Let's consider the following cluster of events:
(1) The Fed has just signaled it'll announce a taper next month, but
(2) The economic data have started rolling over, and
(3) Powell and two other key Fed officials are up for reappointment in the months ahead.
Get Tri-state area news and weather forecasts to your inbox. Sign up for NBC New York newsletters.
This is what has Jefferies strategist David Zervos warning that the Fed is on the precipice of making a big policy mistake. We spoke to him about this at the top of the show yesterday (full interview here). He took the huge drop in consumer sentiment Friday as a major warning sign. It was followed by the New York manufacturing survey tanking yesterday, and now today's big retail sales miss.
"GDP is still up just 0.1% cumulatively since the end of 2019," Zervos said. "I don't understand why there's a rush [to taper] when we're still dealing with Delta." Even the inflation numbers are misleading, he warned. "We've had a decade of inflation misses, and a demographic shortage in the labor market still causing deflation and disinflation problems."
The irony is that just as the data have started missing--even homebuilder sentiment retreated this morning--the Fed has been carefully messaging its hawkish turn with CNBC and The Wall Street Journal reporting they will likely announce tapering next month. ("Am reminded of another August" when the Fed had to push back its taper plans, Michael Santoli tweeted yesterday in reference to 2013.)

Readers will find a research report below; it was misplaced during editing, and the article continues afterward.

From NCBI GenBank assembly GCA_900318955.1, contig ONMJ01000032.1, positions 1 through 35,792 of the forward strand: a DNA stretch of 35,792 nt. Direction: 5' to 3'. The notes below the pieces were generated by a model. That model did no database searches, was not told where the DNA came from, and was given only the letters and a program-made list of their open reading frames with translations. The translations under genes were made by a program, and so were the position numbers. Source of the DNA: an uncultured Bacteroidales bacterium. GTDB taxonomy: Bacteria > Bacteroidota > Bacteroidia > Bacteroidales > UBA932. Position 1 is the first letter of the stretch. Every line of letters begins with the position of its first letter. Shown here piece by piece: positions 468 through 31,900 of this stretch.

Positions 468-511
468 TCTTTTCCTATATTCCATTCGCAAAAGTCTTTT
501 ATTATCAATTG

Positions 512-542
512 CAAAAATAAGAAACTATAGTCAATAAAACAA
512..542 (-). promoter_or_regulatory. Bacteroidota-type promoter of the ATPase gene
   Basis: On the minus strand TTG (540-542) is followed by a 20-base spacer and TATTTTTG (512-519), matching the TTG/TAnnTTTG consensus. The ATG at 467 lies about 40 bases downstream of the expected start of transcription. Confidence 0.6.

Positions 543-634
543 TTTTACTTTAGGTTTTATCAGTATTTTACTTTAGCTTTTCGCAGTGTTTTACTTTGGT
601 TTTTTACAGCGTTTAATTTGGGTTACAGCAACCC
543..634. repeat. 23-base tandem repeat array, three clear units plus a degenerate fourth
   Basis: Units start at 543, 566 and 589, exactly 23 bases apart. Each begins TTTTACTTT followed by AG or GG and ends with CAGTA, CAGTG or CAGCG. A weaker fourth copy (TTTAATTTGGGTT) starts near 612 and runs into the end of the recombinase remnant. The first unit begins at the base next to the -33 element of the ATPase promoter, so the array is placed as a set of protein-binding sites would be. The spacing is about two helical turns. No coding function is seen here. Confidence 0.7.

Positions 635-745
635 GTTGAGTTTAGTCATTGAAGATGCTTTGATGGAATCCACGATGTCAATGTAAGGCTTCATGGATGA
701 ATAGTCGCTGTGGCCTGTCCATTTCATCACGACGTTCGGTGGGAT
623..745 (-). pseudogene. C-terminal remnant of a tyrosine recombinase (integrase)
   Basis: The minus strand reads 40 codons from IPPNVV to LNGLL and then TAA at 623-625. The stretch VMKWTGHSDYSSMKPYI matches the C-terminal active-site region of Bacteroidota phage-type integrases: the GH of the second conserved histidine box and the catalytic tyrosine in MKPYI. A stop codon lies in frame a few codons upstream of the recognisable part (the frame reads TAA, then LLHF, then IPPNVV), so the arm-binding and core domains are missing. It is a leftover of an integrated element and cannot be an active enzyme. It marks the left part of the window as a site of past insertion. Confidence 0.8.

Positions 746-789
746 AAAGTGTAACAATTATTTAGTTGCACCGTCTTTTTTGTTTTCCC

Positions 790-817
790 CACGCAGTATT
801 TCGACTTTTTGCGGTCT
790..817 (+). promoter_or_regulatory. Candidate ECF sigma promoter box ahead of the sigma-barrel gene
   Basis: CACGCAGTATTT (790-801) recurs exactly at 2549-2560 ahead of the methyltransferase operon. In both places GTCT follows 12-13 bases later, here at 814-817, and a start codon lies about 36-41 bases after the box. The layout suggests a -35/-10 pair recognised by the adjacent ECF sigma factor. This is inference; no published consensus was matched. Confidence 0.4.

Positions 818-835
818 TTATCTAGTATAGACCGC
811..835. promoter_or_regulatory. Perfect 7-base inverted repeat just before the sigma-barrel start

The Fed can't turn on a dime here, Zervos warned. Not only do they tend to move slowly (remember how drawn out their about-face on rate cuts was back in 2019?), but Powell and two vice chairs are up for reappointment in the next few months. "They have to talk a little tough...to get through the Congressional gauntlet," Zervos said, meaning hawkish rhetoric on tackling inflation. "That, to me, is the only real risk for the S&P 500."
Oh, but won't a trillion-dollar infrastructure package come to the economy's rescue? Even if happens, wrote the economist David Rosenberg yesterday, "Nobody should be shifting their macro view because of infrastructure spending that generally takes years to get started, and years to get finished."
And maybe all of this is why bond yields remain so disappointingly low. The 10-year Treasury yield has fallen from about 1.75% to 1.25% as taper talk has picked up, Greg Ip pointed out on Power Lunch yesterday. That's not exactly a message of strength. You have to wonder if the only way to reignite the value/reopening trade (the financials have basically gone sideways all summer, energy and airlines are down), is for the Fed to "taper" its own taper talk.
See you at 1 p.m!